Art Therapy for Grief and Loss

Healing Through Art
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The World I Knew Will Never be the Same


I feel so alone.  No one seems to understand.

There was before the loss and after.  Everything seems different. 

I used to know what my place in the world was. Things made sense. 

Now I don’t even know who I am.  

Everyone else seems to have gotten back to “life as usual” but I can’t go back to that. 

How do I make make sense of the world now? 

I can’t concentrate. I can’t enjoy the things I did before.  

Eating, sleeping, spending time with friends…

I don’t want to bother anyone with this and make them uncomfortable. 

Why am I still crying?  I miss them so much.

What am I supposed to do now? 

Interpretive art for grief and loss

Art Therapy for Grief Can Help You Find Your New Path

Art making is messy. 

Grief and trauma are messy. 

Let’s roll up our sleeves, get our hands dirty,

and delve into it, together.

Things will never go back to the way they were, but you can find a new normal and live again. 

It may sound strange now, but on the other side of your grief journey, you can create a greater appreciation of life and a deeper understanding of who you are. 

You can choose what memories you hold, forever dear to you, what to memorialize, and what to put to rest. 

“Stars can’t shine without darkness.”

Life is calling you to make new memories, cultivate and protect special moments, and answer the call to savor new experiences.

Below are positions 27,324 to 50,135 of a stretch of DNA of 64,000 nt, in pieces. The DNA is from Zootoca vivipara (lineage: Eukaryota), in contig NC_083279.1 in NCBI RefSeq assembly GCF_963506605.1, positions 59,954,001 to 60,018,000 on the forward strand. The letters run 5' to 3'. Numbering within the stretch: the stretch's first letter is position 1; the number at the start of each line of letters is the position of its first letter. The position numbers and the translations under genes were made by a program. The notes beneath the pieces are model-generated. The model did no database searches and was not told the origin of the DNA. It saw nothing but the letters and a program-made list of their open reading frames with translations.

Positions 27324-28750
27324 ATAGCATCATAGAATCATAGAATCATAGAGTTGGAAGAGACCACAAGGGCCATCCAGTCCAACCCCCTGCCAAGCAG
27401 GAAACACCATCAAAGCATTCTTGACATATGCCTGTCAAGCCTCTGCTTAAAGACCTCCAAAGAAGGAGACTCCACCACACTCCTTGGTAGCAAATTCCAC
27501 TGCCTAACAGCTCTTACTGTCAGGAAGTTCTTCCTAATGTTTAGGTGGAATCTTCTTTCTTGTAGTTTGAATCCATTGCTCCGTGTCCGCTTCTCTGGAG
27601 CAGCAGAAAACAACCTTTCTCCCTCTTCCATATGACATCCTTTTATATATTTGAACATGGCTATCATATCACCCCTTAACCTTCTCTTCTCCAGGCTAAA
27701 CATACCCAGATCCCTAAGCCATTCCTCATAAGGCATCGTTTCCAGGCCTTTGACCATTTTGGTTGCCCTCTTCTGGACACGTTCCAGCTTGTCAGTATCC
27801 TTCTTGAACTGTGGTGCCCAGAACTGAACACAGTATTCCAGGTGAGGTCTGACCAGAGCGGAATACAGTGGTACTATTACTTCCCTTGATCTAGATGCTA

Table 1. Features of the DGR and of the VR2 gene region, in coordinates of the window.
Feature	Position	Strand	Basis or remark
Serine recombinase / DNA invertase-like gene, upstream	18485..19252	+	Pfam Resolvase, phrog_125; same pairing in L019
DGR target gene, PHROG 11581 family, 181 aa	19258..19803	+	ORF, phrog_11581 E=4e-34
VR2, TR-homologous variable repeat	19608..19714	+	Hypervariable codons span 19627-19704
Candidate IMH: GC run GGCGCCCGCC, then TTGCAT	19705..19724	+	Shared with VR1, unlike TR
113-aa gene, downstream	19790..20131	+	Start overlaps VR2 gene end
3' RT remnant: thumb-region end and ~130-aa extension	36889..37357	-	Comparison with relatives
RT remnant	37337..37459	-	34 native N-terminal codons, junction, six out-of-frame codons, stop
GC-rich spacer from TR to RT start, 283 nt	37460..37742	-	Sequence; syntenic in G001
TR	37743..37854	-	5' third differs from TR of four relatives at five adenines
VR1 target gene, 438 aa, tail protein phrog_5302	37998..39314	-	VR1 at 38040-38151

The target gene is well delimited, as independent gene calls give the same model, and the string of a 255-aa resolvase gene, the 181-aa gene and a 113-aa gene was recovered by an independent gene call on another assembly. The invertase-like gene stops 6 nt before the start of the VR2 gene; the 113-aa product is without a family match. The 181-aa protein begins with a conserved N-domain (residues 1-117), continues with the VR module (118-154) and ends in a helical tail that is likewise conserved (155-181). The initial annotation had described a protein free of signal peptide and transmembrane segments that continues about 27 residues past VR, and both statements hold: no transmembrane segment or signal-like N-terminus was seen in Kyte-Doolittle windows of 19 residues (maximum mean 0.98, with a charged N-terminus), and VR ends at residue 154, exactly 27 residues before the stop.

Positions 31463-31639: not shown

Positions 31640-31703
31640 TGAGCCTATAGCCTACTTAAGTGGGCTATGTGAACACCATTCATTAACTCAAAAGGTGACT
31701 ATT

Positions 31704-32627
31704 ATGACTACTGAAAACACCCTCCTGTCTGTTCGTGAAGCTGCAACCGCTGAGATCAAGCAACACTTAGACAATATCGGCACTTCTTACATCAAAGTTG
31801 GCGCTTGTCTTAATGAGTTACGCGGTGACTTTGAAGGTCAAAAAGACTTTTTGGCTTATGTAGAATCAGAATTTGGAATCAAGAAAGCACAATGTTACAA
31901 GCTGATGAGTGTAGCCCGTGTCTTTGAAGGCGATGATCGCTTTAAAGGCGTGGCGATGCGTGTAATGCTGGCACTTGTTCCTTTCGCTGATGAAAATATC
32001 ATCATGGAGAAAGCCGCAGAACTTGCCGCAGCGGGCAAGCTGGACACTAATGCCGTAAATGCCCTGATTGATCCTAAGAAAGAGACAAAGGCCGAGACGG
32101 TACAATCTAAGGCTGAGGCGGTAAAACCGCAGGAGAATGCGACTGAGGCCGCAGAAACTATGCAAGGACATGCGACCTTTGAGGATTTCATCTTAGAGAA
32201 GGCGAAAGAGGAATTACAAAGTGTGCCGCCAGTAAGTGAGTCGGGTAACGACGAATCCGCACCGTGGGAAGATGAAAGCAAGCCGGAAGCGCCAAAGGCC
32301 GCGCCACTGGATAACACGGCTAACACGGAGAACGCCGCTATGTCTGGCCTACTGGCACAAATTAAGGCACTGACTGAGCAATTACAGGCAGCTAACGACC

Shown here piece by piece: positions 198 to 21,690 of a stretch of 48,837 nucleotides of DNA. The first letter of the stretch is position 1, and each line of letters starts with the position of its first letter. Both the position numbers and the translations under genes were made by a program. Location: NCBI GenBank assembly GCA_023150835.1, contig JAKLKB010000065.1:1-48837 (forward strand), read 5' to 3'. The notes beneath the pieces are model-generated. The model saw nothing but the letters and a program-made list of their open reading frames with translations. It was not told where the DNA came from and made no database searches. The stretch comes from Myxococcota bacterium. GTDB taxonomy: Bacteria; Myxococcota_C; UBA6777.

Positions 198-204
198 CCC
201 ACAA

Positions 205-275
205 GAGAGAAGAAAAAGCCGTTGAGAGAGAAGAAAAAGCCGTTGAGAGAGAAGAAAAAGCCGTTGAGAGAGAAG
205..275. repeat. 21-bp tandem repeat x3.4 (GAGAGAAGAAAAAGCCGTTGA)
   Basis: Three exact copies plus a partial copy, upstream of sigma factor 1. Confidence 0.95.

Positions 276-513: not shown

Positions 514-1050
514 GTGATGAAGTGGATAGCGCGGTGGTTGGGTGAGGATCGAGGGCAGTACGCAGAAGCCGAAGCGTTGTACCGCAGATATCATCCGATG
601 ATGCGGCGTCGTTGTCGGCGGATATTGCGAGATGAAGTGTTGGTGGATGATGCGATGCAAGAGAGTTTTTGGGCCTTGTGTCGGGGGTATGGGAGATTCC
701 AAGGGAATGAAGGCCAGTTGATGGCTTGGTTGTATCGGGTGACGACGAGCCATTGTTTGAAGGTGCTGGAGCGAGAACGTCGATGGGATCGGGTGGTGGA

Imagine not just surviving, but thriving.  Tiny pinpoints of hope grow and become larger.  The dawn fills the sky.  You connect in relationships, old and new.  You experience the joy of the brilliant uniqueness of a sunrise.  You see each of these experiences as precious, for they will never come the same way again.

It’s possible, and art therapy for grief can be your gateway.  

Want to learn more?  You may be interested in my blog post, 7 Common Myths About Grief.

smiling woman with short brown hair and glasses, wearing a  yellow blouse and sitting in a green chair with a snake plant in background

I’m Maggi, art therapist in Columbus 

and I get it.

I came to art therapy as a second career in my mid thirties when I needed a major life course correction. So I’ve been there. 

I understand the confusion, the guilt and shame, the grief, 

the seemingly never-ending tears.  (I’m happy to say they do end, eventually).  

I understand the utmost necessity of needing to go your own way and let go of the relationships, the old ways, and the old you that aren’t serving anymore.  

 I have also experienced the betrayal, estrangement, loneliness, the creative block, and the doubt.  Oh! the dark, gruesome wrestling with yourself at night.  I know that demon too.  

I don’t agree with the adage of “everything happens for a reason.”  Heck no, I wouldn’t wish some of the crap life serves up on anyone! 


What I do know that that the clear day at the end of the catastrophic storm will dawn. 


Difficult times in life can be a lot easier when someone has your back and is willing to sit with you in the dark.

I’ll be here with you through the whole process, wherever that journey takes you.

Getting Started with Grief Therapy is Easy


Book a Consultation

We’ll chat about what you’re hoping for and whether we are a fit to work together.

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Conveniently schedule your sessions online 24 hours a day.